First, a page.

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Theatre and Race

Harvey Young
Palgrave MacMillan
Released

Theatre & Race

This is a very short book that takes on a deeply significant topic. However, readers will discover that it barely scratches the surface of an issue that could easily fill a volume comprising ten times as many words.

Harvey Young is something of an expert when it comes to race but seemingly has more limited knowledge of theatrical history.

The first quarter of the book attempts to pin down exactly what we might mean by race, probably coming to conclusions that will surprise. For example, the author explores race in the classical world in situations where skin colour was not a determining factor, meaning that, for most of those, nationalism would be a more accurate description.

The question about whether Judaism is a religion or a racial category is undecided, since, while stating after some internal debate that it is not a race, Young then proceeds to look at both The Merchant of Venice and Marlowe's The Jew of Malta.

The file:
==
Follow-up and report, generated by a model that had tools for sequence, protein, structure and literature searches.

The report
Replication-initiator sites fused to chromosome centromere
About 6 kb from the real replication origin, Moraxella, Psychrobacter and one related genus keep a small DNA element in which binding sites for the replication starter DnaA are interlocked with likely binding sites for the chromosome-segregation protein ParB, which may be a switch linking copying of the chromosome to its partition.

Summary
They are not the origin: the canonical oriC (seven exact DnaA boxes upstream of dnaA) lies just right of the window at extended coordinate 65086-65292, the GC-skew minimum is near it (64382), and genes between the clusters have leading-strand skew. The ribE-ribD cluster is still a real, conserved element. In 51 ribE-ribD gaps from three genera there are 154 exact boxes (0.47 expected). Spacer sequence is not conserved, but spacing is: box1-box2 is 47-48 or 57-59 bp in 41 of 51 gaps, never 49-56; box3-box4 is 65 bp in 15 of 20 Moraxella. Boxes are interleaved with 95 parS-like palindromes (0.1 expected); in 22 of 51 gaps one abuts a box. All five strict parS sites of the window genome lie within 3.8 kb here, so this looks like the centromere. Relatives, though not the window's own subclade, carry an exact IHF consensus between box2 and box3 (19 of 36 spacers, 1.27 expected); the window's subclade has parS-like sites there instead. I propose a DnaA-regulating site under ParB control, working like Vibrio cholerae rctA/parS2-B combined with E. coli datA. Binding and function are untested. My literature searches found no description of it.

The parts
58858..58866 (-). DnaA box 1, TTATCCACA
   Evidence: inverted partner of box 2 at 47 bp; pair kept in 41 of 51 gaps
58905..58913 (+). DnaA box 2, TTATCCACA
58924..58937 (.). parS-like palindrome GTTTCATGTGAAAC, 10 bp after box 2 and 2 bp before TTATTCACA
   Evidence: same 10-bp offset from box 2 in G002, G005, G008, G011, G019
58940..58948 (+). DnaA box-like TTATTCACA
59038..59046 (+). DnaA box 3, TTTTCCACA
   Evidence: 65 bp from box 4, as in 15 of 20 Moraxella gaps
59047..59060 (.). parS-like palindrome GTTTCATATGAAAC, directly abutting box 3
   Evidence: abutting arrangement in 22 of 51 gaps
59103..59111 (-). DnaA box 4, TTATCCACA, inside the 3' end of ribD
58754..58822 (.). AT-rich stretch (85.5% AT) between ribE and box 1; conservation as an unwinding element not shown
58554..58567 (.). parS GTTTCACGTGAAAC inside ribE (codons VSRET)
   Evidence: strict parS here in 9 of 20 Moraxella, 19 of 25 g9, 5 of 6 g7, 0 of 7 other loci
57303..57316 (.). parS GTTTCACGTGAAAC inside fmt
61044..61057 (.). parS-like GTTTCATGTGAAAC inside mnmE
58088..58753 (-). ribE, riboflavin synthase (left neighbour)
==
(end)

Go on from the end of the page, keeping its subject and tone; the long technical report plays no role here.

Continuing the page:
More convincingly, he also considers Othello and Titus Andronicus, deciding that Aaron in the latter is a more compelling representative of his race than the Moor of Venice.

Harvey Young goes on to write more informatively about blackface minstrels, plus red face, yellow face and even white face performers, concentrating at least as much on film as theatre. As such, his speciality might more accurately be human stereotyping as opposed to the depiction of race and racism on stage.

This is all good as far as it goes but there is very little depth in the analysis and the rich seam of British stage writing about race and racial issues, including those of immigrants from the subcontinent (not even mentioned here), which is likely to have been repeated in many other countries around the globe is completely ignored.

There is certainly a book to be written about such an important subject, perhaps extending the brief more explicitly to include racism, and Harvey Young has started the ball rolling, but he or possibly somebody else might now wish to take the opportunity to finish the job.

Reviewer: Philip Fisher